After completing the Tour of Oman, Philip Deignan will continue his early season Asian adventure at the Tour de Langkawi next month. The Team Sky rider hopes that the eight-day race will help him find his form, which he says is not yet where he wants it to be, ahead of the crucial European races later in the spring.
"I'm a little bit behind where I'd like to be ideally but it is still only February. We've got time to work on the condition," he told Cyclingnews. "I've done (Langkawi) a couple of times before and it's been a nice race. It's a good race to get condition, and you can come out of it with quite good form because it's eight days…. if you look after yourself well."
It will be Sky's first time at the race but Deignan has made two previous starts, with his last coming in 2009 when he finished 11th overall. Sky are yet to announce their full line-up but Deignan expects that the Colombian Sebastian Henao will lead the team's ambitions in the general classification with Chris Sutton targeting the numerous sprint days.
Deignan has already ridden the Mallorca Challenge but his European campaign won't really begin until the five-day Coppi e Bartali, where Peter Kennaugh is the defending champion, at the end of March. Following that, he will enjoy a lengthy break after a busy start to the season before returning to Italy for the Giro del Trentino in April. The Tour de Romandie is Deignan's last confirmed race on his programme, with the team still to decide whether to send him to the Giro d'Italia or the Tour of California.
"If I go to the Giro it will be to help Richie Porte or Leo Konig, so it will be more as a support rider and going in breakaways like I did last year. We didn't really have a GC guy there last year but if we go this year with Leo and Richie it will be a different sort of scenario," said Deignan, who rode an aggressive Giro that saw him come close to his second Grand Tour stage win - after taking a stage of the 2009 Vuelta a Espana - in the second week.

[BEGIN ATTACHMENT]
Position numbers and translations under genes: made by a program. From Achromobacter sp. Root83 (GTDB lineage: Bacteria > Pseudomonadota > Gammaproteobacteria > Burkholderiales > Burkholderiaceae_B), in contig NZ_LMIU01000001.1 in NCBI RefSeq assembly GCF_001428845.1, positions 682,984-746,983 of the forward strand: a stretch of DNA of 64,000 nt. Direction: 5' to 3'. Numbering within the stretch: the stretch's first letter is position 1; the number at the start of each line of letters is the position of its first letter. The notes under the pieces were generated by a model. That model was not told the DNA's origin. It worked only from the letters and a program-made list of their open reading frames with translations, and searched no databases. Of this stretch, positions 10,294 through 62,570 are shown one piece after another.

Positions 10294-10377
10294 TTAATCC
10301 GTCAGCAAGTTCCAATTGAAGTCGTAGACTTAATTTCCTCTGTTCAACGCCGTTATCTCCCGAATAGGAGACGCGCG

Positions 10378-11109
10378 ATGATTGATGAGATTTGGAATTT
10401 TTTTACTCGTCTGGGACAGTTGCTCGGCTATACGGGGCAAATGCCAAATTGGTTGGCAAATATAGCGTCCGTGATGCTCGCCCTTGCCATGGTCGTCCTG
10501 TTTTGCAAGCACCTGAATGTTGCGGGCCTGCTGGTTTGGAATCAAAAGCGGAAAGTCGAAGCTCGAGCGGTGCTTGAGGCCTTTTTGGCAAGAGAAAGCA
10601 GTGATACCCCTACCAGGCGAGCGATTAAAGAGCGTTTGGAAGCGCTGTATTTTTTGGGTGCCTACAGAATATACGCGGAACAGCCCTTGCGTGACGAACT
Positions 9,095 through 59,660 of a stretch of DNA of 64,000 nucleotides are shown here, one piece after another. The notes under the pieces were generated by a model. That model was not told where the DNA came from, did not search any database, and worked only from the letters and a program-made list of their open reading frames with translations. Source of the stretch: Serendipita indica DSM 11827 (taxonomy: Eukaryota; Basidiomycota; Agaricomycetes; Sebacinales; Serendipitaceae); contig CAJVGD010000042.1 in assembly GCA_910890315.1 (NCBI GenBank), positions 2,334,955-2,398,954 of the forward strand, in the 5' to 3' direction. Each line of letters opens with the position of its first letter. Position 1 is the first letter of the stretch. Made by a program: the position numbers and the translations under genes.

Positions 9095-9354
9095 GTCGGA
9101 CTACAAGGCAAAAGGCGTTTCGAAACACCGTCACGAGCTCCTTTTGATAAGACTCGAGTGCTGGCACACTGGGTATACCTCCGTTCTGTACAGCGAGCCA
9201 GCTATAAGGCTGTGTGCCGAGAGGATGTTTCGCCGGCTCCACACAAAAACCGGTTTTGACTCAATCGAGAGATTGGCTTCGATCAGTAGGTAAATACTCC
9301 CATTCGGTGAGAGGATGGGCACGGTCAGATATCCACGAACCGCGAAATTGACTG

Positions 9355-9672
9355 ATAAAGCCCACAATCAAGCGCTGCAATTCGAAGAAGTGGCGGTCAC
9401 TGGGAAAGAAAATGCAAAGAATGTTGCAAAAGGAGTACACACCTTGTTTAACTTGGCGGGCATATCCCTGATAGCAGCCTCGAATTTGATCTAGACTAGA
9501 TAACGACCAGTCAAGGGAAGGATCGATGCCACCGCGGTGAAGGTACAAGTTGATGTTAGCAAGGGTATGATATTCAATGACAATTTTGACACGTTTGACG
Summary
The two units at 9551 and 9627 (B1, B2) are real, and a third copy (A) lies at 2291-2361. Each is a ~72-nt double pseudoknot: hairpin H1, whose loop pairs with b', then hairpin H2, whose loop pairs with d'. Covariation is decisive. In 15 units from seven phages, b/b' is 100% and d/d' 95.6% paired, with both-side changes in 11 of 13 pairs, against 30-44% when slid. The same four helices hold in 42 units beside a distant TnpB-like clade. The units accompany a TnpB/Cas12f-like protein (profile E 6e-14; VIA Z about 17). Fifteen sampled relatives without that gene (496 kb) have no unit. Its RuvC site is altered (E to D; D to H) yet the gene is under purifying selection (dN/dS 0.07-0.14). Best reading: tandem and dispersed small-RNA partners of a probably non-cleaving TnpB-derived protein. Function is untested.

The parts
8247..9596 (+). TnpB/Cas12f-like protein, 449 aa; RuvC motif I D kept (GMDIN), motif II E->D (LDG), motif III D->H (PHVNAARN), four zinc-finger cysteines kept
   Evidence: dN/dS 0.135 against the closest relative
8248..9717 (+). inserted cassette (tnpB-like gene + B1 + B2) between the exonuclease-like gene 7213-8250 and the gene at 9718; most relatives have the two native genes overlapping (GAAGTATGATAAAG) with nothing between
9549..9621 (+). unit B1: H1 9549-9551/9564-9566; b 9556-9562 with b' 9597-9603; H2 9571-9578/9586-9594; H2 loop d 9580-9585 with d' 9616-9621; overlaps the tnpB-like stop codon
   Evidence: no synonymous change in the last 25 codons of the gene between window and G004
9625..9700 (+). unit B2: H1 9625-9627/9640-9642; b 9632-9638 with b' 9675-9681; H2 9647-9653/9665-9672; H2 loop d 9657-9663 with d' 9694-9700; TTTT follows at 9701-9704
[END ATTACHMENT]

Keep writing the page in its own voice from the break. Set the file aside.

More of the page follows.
"I learned a lot of things last year. It was a great season, so I definitely want to build on last year and keep progressing," he added.
Team Sky have finished on the podium twice with Rigoberto Urán with their best performance second in the 2013 edition, following Bradley Wiggins' departure. Porte, who took the young riders' classification in 2010, was due to lead the team last season but was pulled from the roster after a series of early season abandons.
Deignan is confident that another top three is realistic. "For sure a podium (is possible), I think if Contador goes he'll be hard to beat but with those two guys they've proved that they can be up there overall."
Standing up for your rights
When Cyclingnews spoke to, Deignan it was ahead of the final day of the Tour of Oman following the controversial stage 5, which was ultimately cancelled due to the excessive heat. Sandstorms forced the start to be moved before extreme temperatures ended with the riders parking up under a bridge and refusing to race. While Deignan says that he would have been happy to ride, he believes the unity of the riders was much more important.
"We race in similar conditions in July and August down descents and we don't cancel the stage then. Either way, I wouldn't have minded racing but I think it was better off not taking the risk. The most important outcome was that we all stuck together, which was a first," said Deignan. "I'm not convinced that it would have happened if we had raced but, then again, do you want to take the chance? Conditions were definitely extreme in the heat; it was well over 40 degrees on the climb, so they were excessive.
"Usually in that situation the riders stop and then we end up going again…. I think it is definitely a step closer (to a riders' union) and for sure they need to put in place rules for situations like that when there are extreme temperatures."
Born in Ireland to a cycling family and later moved to the Isle of Man, so there was no surprise when I got into the sport. Studied sports journalism at university before going on to do a Masters in sports broadcast. After university I spent three months interning at Eurosport, where I covered the Tour de France. In 2012 I started at Procycling Magazine, before becoming the deputy editor of Procycling Week. I then joined Cyclingnews, in December 2013.
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